Arts-based therapies are often used to supplement more “traditional” eating disorder treatment protocols in various different settings, ranging from individual therapy to inpatient units. However, as Frisch, Franko & Herzog (2006) note, no published research provides empirical support for the use of arts-based therapies for eating disorder treatment.

You might be wondering: if there is no empirical support, why are clinicians still using these therapeutic practices? You might also be wondering why I’ve chosen to dissect an article from 2006.

I’ll address the first question in this post (teaser: it’s really hard to say!). As for my delving back into the depths of academia, there is surprisingly little literature that touches on arts-based therapy, despite its continued use. This article provides an overview of why this might be, and where we can go from here.

WHAT IS ARTS-BASED THERAPY?

Arts therapy is an umbrella term used to refer … Continue reading →

Body Image: Is It a Useful Concept? (Maybe Not So Much)

I recently attended the International Society of Critical Health Psychology’s 8th Biennial Conference in Bradford, England. At the conference, I had the pleasure of attending many talks that challenged the way we approach health psychology. Luckily for me, there were several sessions that touched on issues of disordered eating and body image.

One such talk, a panel presentation with Hannah Frith, Sarah Riley, Martine Robson and Peter Branney, challenged attendees to re-think the way we approach body image. When I returned home, I immediately downloaded an article by Kate Gleeson and Hannah Frith (2006) that discusses this same idea and essentially begs the question: Is the concept of “body image,” as it is currently articulated, actually useful?

This might come off as a controversial question; after all, body image is central to many studies (and treatment programs) related to eating disorders. We’re … Continue reading →

Bingeing and Purging: Keeping the “Positives” and Eliminating The Negatives?

I have been fascinated and perplexed by reports of the seemingly invigorating and anxiety reducing effects of bingeing and purging (purging by self-induced vomiting). Personally, I cringe at the idea of self-induced vomiting and have always wanted to avoid vomiting at all costs, including during food poisoning. The insight from recent blog entries and the subsequent comments has made an impact on me. I see that the motivation to engage in bingeing/purging behavior can be intense and can provide an effective way increase positive affect and reduce stress. The ameliorating effects of bingeing/purging remind me of drug addiction, with bingeing/purging behavior as the “drug.”  This made me wonder, what happens in the brain to impart such “addiction-like” reinforcement?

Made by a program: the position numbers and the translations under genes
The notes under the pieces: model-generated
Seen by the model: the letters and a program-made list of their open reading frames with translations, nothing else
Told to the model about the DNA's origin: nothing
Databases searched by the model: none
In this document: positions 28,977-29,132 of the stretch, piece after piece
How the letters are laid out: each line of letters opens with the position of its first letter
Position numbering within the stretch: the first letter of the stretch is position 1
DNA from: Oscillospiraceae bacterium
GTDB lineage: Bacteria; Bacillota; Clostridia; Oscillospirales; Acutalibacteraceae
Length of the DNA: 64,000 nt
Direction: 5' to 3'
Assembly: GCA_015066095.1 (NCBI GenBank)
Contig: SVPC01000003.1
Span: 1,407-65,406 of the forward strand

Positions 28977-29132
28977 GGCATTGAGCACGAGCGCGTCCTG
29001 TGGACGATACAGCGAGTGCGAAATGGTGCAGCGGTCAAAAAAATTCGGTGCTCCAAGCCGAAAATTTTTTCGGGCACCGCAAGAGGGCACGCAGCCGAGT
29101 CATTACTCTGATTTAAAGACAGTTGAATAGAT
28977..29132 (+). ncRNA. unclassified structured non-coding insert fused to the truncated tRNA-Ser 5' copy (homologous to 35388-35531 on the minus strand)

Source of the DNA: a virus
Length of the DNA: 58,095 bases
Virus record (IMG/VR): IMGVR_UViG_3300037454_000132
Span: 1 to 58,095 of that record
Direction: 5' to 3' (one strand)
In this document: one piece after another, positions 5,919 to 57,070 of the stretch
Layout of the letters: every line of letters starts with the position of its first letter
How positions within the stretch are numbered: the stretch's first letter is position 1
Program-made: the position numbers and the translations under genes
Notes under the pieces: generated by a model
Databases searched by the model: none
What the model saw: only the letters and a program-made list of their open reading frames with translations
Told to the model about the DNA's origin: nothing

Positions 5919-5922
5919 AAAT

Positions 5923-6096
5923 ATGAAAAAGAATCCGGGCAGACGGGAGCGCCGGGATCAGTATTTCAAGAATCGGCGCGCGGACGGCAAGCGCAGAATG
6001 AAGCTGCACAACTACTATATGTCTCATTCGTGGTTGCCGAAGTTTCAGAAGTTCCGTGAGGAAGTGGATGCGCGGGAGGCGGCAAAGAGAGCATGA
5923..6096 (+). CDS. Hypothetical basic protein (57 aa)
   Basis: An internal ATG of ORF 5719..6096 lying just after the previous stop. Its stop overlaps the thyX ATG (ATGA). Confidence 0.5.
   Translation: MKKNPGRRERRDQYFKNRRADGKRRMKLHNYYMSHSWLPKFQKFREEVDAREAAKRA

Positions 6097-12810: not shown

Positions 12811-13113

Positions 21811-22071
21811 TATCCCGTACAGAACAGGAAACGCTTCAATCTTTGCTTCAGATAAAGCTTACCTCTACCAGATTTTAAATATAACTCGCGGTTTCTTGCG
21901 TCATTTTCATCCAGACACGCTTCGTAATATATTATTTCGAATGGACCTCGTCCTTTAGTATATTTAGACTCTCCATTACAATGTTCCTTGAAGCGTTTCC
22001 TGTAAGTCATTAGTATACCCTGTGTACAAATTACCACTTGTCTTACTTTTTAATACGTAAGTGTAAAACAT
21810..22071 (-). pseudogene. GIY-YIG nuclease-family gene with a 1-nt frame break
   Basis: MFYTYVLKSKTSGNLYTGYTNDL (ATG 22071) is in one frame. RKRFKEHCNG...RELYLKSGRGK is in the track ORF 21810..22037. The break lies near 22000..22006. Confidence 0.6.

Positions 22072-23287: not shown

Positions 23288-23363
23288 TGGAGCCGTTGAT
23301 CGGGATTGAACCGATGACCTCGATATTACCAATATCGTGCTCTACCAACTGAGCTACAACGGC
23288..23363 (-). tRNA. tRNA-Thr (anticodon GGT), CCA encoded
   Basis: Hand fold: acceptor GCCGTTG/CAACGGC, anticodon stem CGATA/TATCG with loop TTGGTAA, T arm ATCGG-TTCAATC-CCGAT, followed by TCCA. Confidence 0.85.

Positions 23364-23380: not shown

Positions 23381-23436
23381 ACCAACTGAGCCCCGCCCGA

I know there are reports of opiate and endorphin release following purging, but to me, this seemed like an effect meant to counter the intense aversion (and discomfort?) of the … Continue reading →

Living in a Large City: A Risk Factor for Bulimia Nervosa?

The link between urban living and mental disorders such as schizophrenia and depression has been known for quite some time (Sundquist et al., 2004). In one study, Sundquist et al found that individuals living in a densely populated area had a 68-77% higher risk of developing psychosis and 12-22% higher risk of developing depression.

The question then arises, do eating disorders follow a similar pattern? And if yes, what are some possible explanations? Certainly we know that both genetic and environmental factors are involved in the development of eating disorders, but what specific factors and to what extent remains unclear.

In this study, Gabrielle E. van Son and colleagues set out to explore whether increasing urbanization was an environmental risk factor for the development of eating disorders.

In order to answer this question, the researchers had a network general practitioners (GPs) record each newly diagnosed case of anorexia … Continue reading →

Personality Traits after Recovery from Eating Disorders: Do Anorexia and Bulimia Patients Differ?

When we think about eating disorders, we tend to think about eating disorder subtypes: anorexia nervosa (AN), bulimia nervosa (BN), and binge eating disorder. A lot of previous work has shown that individuals with AN and BN tend to be anxious, depressed, perfectionistic, and harm-avoidant. Patients with AN also tend to score low on novelty-seeking, impulsivity, and self-directedness, whereas patients with BN score high on novelty-seeking and impulsivity. More recently, however, some researchers began to wonder if there was another way to categorize patients–not according to symptoms, but according to personality traits?

They identified three clusters of personality subtypes that seemed to “cut across” eating disorder diagnoses, outlined below (taken from a previous post):

Three Personality Subtypes in Eating Disorder Patients:

  1. “dysregulated/undercontrolled pattern: characterized by emotional dysregulation and impulsivity”
  2. “constricted/overcontrolled pattern: characterized by emotional inhibition, cognitively sparse representations of self and others, and interpersonal avoidance”
  3. “high-functioning/perfectionist pattern: 
Continue reading →